Martha’s Vineyard educator Dan Seklecki celebrates 29 years


After 29 years with the Martha’s Vineyard Public Schools (MVPS), Dan Seklecki, the director Student Support Services who oversees special education, told his staff and colleagues he preferred to retire on June 30 without a big send-off.

However, that wouldn’t do for the many members of the education community who wanted a celebration for Mr. Seklecki, to wish him well and pay tribute to his many contributions to students Island-wide.

As a compromise, special education (SPED) staff members in the superintendent’s office put together an “Un-Party” for Mr. Seklecki. Superintendent of schools James Weiss, school administrators, SPED personnel, teachers and support staff attended the low-key celebration on June 16 at the Agricultural Hall in West Tisbury.

“It was a very nice and surprising night for my family and me,” Mr. Seklecki told The Times in a phone call this week. “It’s something that I had encouraged people not to go about doing, but now I’m really glad they did, because it was a great time that left me with some wonderful memories.”

Mr. Seklecki’s wife, Cathy MacDonald, a special education teacher at Edgartown School, attended the party along with their son Dan, age 22. He lives in Vermont and works in admissions at Saint Michael’s College. Ms. MacDonald’s brother and sister-in-law made a special trip from Nova Scotia for the event.

In lieu of a present, the party-goers made donations in Mr. Seklecki’s honor that went to scholarships for students to participate in programs at the YMCA and the Boys and Girls Club.

The event featured a potluck dinner, served up with some side dishes of praise for Mr. Seklecki. The party’s theme was “The Boss,” which tied Mr. Seklecki’s professional role in with the nickname of his favorite singer and songwriter, Bruce Springsteen.

One of the evening’s highlights was a special poem, which follows, written by Barbara Lindley in honor of the man who was “The Boss” for almost her entire career. Ms. Lindley, an MVPS occupational therapist for 30 years, retired in January 2010.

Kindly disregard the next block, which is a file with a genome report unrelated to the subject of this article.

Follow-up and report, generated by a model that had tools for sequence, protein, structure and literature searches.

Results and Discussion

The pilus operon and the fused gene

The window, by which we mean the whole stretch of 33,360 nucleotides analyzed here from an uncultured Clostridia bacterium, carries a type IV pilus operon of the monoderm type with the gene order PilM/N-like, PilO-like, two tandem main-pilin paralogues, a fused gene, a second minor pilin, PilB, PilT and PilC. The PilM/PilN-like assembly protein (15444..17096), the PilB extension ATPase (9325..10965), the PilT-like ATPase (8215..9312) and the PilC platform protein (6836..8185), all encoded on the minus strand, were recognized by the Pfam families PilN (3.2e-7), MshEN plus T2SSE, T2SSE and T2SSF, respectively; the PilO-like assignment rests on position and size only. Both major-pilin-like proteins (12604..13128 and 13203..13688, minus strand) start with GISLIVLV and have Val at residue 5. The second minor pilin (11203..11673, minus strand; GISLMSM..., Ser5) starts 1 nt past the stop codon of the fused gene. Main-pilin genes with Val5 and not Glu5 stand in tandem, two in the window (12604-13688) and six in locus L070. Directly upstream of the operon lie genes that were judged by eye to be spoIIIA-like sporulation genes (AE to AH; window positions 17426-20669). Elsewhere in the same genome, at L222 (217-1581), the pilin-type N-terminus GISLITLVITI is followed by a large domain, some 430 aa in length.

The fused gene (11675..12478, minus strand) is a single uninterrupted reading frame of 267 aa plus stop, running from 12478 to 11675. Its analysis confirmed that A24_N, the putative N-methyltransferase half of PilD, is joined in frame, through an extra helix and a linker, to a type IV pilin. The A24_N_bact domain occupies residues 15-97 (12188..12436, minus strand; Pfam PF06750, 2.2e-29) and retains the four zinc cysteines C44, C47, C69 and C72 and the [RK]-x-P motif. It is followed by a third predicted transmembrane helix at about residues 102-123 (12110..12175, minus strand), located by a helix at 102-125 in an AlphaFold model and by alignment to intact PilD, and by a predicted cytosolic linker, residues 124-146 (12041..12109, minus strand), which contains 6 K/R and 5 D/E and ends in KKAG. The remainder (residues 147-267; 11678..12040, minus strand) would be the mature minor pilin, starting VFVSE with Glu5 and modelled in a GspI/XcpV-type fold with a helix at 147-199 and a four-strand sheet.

His 29th School Year

By Barbara Lindley

A poem, which because its author’s memory is fuzzy about the details of the last 26 years, limits itself to the subject of his 29th school year.

It was back in the summer

when we first got the news,

And the news that we got,

well, it gave us the blues.

Yes, we first heard the news

way back in the summer

And the news that we heard

it was really a bummer.

They said that SekIecki

would soon be retiring,

a new SPED director

the schools would be hiring.

They said that our leader

would soon leave our town.

In six, short months

this deal would go down.

So they wrote up an ad

that was craftily worded

appealing to would‑be

directors who heard it.

“Be our new SPED director

and live by the sea!”

(Though we might fail to mention—

this job’s more work than three!)

So the want ad went out,

out to one and to all

And they networked and interviewed

all through the fall.

A committee read resumes

’til they just couldn’t face ’em

And finally they figured…

they couldn’t replace him!

Then the good word went out,

it was all over school.

SekIecki was staying

this year — we were cool.

Seklecki was staying,

he was staying ’til June.

Then we’d have a big party

that was over the moon!!

So we all settled in

for his 29th school year

glad that the boss

was staying past New Year’s.

Then all through the winter

and on into spring,

We heard not a word —

not one little thing.

“Who’s planning the Party?”

We all want to know.

“Where and when will it be?”

We all want to go.

“Will it be at the Harbor View,

or maybe at Sharkys?”

Then the memo came down…


The boss wants no music,

no fanfare, no toasting,

no skits, songs or speeches,

no boozing, no roasting!

An UN-party at the Ag Hall,

so that’s where we’re going?

Then the rumor went ’round

the boss might not be showing!

Was he all that afraid

of a little exposure?

Without a big party,

how could we have closure?

How could we say thank you?

How not sing your praises?

We know if you could have,

you’d have given us raises!

And to all of us out there,

SPED lads and SPED lasses,

you’ve given, forgiven,

and covered our asses!

So how can we tell you

how enormous your loss will be?

I can say it, and boldly,

’cause now you’re not the boss of me!

So I speak for us all,

UN-party or not,

when I say that we’ll miss you,

And miss you a lot!!

There’s lots we would tell you,

it only you’d let us . . .